When applying for the right to deal with a deceased person’s affairs (administering the estate), you need to establish Probate. If the person who has died left a Will, they may have specified who should carry out the probate process. These people are expected to “execute” the Will, which means they will share out the estate as specified and deal with any related complications, as well as carry out any other final wishes specified in the Will. However, you are not legally required to act as executor, even if you are the only executor named in the Will. If there is no executor named, or there is no Will, someone must become the administrator of the estate – this will be someone who would benefit from the Will, or a blood relative if no Will exists. The administrator largely performs the same tasks that an executor would, although they often have no Will to act upon.
How long does probate take?
This all depends on how complex the estate is – if there are multiple different assets, such as multiple properties, shares, and accounts, it is likely to take longer. It will also depend on how much time you and the other representatives can dedicate. On average, probate takes between six to nine months to complete and can take up to eighty working hours. However, other complications can cause the process to take considerably longer, such as if the Will is contested, or the testator (the person whose estate is the subject of the Will) did not keep clear records of all their assets. It is not unheard of for the process to take several years to be finalised.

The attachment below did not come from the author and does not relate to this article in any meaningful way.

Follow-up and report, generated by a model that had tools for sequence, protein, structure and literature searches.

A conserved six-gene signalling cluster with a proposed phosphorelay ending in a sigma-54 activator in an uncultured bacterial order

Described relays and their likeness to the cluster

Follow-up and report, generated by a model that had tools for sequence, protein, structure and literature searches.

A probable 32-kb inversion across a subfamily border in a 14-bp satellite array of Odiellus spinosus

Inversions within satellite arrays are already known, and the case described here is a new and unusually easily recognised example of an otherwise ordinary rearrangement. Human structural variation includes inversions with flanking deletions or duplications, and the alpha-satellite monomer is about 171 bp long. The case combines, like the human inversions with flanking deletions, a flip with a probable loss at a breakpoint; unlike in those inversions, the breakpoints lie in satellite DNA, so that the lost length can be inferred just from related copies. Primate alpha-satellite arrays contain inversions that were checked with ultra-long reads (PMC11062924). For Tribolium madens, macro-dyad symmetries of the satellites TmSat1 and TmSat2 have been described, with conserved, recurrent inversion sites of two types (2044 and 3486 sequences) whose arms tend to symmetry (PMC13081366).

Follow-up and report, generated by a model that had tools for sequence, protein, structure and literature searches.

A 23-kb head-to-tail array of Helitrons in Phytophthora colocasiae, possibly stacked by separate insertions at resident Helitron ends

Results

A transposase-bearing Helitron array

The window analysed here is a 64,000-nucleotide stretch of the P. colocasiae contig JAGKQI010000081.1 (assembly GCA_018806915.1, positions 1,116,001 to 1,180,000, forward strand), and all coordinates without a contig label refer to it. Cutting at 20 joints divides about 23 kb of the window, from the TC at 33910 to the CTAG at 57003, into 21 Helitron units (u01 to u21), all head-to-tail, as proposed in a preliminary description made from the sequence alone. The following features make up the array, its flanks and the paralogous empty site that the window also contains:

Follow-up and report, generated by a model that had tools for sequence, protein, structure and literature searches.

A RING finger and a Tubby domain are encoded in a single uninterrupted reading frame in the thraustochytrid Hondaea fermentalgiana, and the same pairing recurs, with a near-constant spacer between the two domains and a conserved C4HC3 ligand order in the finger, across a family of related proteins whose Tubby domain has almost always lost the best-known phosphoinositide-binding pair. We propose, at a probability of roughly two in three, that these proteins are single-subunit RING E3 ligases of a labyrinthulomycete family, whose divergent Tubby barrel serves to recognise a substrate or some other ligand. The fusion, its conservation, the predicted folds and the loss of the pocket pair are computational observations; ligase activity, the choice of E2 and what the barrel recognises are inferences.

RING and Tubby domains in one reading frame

If your estate is over five thousand pounds, before it can be distributed a Grant of Probate must be obtained. This means the Will must be formally recognised at the local Probate Registry. All Banks, Building Societies and Insurance Companies will insist on seeing a Grant of Probate Cambridgeshire before they pay out and your house will not be able to be sold. If your estate is worth more than £325,000 it may be liable to Inheritance Tax and you would be wise to enlist the help of a professional. If you are acting as an Executor in a Will then you are personally liable for any debts, so professional advice is essential.
We can provide you with clear, practical advice on what the next steps following the death of a loved one, whether you are an executor of a will, a close family relative or a friend, we have a sympathetic ear when you need it most. We can help you identify what needs to be done and to help you plan for your own future after a loved one has passed away. We work with a professional team of solicitors who offer a first class Probate service. To find out more please call us on one of the above numbers and we will be happy to help.